After a slow first five months, I'm back to blogging in earnest. In the forthcoming few months I plan to keep on tracking the blooming of wildflowers, the activities of bugs and reptiles and any other critters I'm quick enough or lucky enough to photograph, and to comment on ecological relationships. Since there is an increasing sense of ecological crisis among many people and more vigorous denial of such on the part of others, I will inevitably comment on the social and political dimensions of survival as I see them.
I am still an adjunct instructor in the English Department at Feather River College, but time permitting, I am available for hire as a nature guide in the region in and around Plumas County. A brochure describing my usual kinds of natural history adventures is in development. Email me c/o firstname.lastname@example.org with your mailing address and a statement of interests, and I'll send you a rough draft.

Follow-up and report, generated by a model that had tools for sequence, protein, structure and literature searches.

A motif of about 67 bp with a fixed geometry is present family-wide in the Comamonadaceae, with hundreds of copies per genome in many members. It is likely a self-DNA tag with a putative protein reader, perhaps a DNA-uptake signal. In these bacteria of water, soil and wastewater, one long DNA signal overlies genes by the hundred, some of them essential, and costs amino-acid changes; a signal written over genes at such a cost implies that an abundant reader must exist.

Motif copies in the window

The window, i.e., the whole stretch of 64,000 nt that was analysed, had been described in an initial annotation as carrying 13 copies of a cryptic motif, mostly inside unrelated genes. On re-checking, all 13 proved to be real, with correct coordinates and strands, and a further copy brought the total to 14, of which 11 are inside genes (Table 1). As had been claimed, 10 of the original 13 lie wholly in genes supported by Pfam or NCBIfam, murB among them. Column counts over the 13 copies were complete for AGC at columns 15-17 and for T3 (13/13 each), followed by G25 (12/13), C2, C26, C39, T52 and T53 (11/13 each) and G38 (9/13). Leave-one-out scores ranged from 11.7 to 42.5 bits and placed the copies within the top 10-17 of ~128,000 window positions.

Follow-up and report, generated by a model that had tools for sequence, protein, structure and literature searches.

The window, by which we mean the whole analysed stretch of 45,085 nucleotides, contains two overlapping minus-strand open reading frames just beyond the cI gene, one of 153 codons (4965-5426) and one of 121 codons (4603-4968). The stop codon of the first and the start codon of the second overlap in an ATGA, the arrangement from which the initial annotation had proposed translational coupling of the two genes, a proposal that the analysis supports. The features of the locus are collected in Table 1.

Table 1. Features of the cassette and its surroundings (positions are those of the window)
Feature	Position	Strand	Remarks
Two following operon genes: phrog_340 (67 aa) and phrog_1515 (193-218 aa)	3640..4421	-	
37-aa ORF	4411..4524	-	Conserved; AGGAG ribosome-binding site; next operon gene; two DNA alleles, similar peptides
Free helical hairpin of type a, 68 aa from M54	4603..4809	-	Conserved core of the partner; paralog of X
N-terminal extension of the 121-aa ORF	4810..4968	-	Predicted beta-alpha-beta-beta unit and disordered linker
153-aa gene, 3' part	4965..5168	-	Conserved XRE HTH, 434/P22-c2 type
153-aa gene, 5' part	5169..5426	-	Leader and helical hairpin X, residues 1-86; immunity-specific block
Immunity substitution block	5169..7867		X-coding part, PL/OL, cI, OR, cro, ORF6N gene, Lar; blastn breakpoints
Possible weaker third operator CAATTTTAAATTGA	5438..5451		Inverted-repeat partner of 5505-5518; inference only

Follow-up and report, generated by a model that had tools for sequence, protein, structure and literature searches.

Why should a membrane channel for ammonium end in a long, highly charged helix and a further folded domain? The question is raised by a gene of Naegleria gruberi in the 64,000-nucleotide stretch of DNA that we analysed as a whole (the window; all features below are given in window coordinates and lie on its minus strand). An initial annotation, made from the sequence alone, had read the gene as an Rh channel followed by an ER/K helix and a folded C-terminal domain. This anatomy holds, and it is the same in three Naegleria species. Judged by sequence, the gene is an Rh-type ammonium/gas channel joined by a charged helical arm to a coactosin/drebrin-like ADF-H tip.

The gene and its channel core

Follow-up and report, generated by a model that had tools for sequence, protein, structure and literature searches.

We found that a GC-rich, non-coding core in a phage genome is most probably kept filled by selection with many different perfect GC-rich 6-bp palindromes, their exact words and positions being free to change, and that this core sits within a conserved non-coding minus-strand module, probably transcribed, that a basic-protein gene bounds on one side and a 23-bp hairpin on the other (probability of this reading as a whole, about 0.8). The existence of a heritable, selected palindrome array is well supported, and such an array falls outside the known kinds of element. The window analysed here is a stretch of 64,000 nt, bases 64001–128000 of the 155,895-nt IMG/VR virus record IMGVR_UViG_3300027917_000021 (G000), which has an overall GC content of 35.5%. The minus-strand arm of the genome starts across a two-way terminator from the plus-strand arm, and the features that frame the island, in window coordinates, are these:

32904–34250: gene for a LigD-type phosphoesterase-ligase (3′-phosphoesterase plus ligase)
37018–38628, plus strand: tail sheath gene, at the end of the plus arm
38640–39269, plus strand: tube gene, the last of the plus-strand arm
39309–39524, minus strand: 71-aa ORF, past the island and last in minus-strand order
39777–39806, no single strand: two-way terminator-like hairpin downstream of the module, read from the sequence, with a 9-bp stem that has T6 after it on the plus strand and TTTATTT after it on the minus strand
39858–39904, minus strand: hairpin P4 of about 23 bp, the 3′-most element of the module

I have been teaching since 1965 and have recently joined the English Department as an Associate Faculty member at Feather River College. Recently taught Nature Literature in America and am currently teaching Interpersonal Communication and Basic Reading and Writing.
On yesterday's drive part way up Mt. Hough, I found the drought conditions rather scary. But somehow the flowers that still manage to bloom made me feel cooler and more optimistic. The bright red flowers of the Snowy Thistle contrasting with the silvery white stems and leaves were like beacons, despite the accumulation of road dust.
The Pennyroyal seem to be having a better than average year, at least in the few places I visit regularly. I'm still hoping to see my favorite visitor to the Pennyroyal, the Red-shouldered Ctenucha Moth. So far, I'm seeing mostly Bumblebees and Swallowtail Butterflies.
On the opposite side of the road from the Thistles pictured above, I spotted a large one somehwat protected by a dense patch of Manzanita and Deerbrush. Less dust, too. My camera doesn't do justice to the brightness of the red.
The Yarrow seem to be doing well, too. It was so hot by noon there was little or no insect activity on any of these flowers. Will have to visit again soon early in the morning.